The role of sex genotype in paediatric CNS tumour incidence and survival.

Soon, Wai Cheong, Goacher, Edward, Solanki, Sandeep, Hayes, Josie, Kapetanstrataki, Melpo, Picton, Susan, Chumas, Paul Dominic and Mathew, Ryan Koshy (2021) The role of sex genotype in paediatric CNS tumour incidence and survival. Child's nervous system : ChNS : official journal of the International Society for Pediatric Neurosurgery. ISSN 1433-0350.

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Evidence exists, in CNS germinomas and medulloblastomas (MB), that patient sex significantly influences incidence and outcome. The role of sex genotype in other paediatric CNS tumours remains unclear. This study sought to examine the role of sex genotype in CNS tumour incidence and overall survival (OS).


Age-adjusted incidence and OS rates were collected from the Surveillance Epidemiology and End Result (SEER) registry between 2000 and 2011 for common paediatric (<=19 years) CNS tumours: pilocytic astrocytoma (PA), anaplastic astrocytoma, glioblastoma (GBM), medulloblastoma, supratentorial CNS embryonal tumour, ependymoma, and germinoma. All patients with histologically confirmed, ICD-03 coded, first tumours, were included. Kaplan-Meier and Cox regression analyses were used to calculate hazard ratios (HR).


The total cases are as follows: males=3018 and females=2276. Highest incidence was seen in PA (n=2103). GBM displayed the worst OS, whilst PA displayed the best. Higher incidence was observed in males for all tumours, except PA. Females with ependymoma had significantly better OS compared to males, whereas males with germinomas had better OS compared to females. Females <1 year with AA had better OS than males. Increasing age significantly improved male and female survival in ependymoma and medulloblastoma.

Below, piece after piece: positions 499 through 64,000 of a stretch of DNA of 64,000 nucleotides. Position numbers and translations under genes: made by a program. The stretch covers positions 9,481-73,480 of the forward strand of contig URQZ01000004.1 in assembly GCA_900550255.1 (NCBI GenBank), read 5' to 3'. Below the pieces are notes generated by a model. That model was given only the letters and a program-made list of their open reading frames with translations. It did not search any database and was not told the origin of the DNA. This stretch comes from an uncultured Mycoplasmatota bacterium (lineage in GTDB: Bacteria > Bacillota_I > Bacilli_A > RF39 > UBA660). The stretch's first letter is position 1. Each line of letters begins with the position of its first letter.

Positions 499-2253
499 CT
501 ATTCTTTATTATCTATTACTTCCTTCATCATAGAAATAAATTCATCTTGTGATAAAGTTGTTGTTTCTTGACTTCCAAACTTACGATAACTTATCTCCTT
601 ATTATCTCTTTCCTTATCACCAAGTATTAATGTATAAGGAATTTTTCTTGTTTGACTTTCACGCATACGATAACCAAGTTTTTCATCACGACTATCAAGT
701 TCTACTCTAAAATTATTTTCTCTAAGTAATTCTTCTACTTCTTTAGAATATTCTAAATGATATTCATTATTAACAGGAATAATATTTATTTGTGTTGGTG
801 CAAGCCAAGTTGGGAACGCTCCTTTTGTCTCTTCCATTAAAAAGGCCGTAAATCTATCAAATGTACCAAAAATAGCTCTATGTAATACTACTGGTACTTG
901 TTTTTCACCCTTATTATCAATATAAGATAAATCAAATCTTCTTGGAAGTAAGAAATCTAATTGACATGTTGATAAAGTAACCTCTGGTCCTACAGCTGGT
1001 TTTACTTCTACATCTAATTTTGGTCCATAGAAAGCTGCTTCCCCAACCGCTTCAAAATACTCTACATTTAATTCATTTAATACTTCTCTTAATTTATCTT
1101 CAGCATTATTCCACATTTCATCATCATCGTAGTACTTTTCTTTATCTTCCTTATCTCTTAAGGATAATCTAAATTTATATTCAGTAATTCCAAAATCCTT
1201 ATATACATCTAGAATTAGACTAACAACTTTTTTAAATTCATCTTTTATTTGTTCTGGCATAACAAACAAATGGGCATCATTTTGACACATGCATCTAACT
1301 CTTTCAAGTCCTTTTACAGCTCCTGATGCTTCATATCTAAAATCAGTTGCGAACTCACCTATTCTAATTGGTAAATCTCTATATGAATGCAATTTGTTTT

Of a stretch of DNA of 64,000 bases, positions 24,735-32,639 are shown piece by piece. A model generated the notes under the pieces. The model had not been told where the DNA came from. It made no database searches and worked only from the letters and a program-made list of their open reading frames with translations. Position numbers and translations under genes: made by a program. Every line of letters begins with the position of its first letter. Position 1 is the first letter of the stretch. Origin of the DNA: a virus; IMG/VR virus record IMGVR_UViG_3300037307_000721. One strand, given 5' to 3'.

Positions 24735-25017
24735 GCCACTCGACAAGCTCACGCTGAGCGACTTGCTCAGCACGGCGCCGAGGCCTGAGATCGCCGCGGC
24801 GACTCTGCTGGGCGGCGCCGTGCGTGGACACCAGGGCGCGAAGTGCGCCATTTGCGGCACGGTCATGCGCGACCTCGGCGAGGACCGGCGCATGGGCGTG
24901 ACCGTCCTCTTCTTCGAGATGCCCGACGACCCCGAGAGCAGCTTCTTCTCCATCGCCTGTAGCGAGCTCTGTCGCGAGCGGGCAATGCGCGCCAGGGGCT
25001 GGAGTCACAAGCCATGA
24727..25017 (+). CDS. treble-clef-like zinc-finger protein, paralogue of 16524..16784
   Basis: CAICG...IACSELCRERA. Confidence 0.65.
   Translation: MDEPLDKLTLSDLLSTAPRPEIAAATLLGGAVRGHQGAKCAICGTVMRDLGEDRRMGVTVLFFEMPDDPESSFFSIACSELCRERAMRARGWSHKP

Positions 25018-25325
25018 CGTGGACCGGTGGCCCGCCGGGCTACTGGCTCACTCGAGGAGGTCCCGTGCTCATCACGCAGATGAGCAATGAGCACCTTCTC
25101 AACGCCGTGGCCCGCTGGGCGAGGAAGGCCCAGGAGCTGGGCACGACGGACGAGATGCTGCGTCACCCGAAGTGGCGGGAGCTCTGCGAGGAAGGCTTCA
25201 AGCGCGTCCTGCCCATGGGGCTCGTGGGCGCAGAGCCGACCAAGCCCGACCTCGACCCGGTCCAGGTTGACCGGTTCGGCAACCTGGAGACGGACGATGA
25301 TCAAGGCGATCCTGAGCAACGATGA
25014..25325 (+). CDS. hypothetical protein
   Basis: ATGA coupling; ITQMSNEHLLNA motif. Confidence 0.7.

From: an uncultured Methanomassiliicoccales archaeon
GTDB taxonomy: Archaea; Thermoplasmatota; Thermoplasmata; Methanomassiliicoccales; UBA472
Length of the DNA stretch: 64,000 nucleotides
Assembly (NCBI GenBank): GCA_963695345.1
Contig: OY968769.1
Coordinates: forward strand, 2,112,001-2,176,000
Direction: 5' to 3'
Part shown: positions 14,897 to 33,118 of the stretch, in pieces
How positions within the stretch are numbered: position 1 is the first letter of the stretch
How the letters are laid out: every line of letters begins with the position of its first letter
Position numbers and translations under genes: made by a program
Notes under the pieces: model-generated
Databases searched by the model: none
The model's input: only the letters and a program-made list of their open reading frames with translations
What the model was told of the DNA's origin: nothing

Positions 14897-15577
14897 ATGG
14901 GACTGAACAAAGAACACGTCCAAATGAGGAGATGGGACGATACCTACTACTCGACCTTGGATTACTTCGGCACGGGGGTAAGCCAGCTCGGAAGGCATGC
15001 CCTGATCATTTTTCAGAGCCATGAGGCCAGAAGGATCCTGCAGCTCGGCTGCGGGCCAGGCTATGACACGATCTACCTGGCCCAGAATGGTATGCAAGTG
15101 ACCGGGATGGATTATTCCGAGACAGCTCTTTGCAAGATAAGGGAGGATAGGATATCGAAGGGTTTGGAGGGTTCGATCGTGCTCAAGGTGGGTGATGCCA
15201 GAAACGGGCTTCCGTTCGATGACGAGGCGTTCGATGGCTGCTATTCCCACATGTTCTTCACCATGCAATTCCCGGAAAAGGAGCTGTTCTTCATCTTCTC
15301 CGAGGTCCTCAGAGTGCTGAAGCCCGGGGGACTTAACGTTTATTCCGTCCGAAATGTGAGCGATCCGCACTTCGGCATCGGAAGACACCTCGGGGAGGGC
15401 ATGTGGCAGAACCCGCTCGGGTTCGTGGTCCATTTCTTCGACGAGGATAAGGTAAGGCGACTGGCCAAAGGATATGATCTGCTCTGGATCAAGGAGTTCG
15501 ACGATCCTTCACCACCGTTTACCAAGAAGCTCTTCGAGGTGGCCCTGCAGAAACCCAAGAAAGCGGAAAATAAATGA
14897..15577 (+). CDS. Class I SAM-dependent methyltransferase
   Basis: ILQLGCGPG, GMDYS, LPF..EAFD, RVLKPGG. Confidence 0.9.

Interrogating population-based registries such as SEER minimises bias and provides credible data. Observed differences in incidence and OS between the sexes for different paediatric CNS tumours provide useful prognostic information for clinicians. Sex genotype was a significant independent prognostic factor in ependymomas and germinomas. Further investigation of possible epigenetic and hormonal differences may provide sex-specific vulnerabilities that may be exploitable for targeted therapy.

Item Type: Article
Subjects: QZ Pathology. Oncology
WS Paediatrics. Child health
Divisions: Womens and Childrens > Paediatrics
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Depositing User: Miss Emily Johnson
Date Deposited: 10 May 2021 13:43
Last Modified: 10 May 2021 13:43

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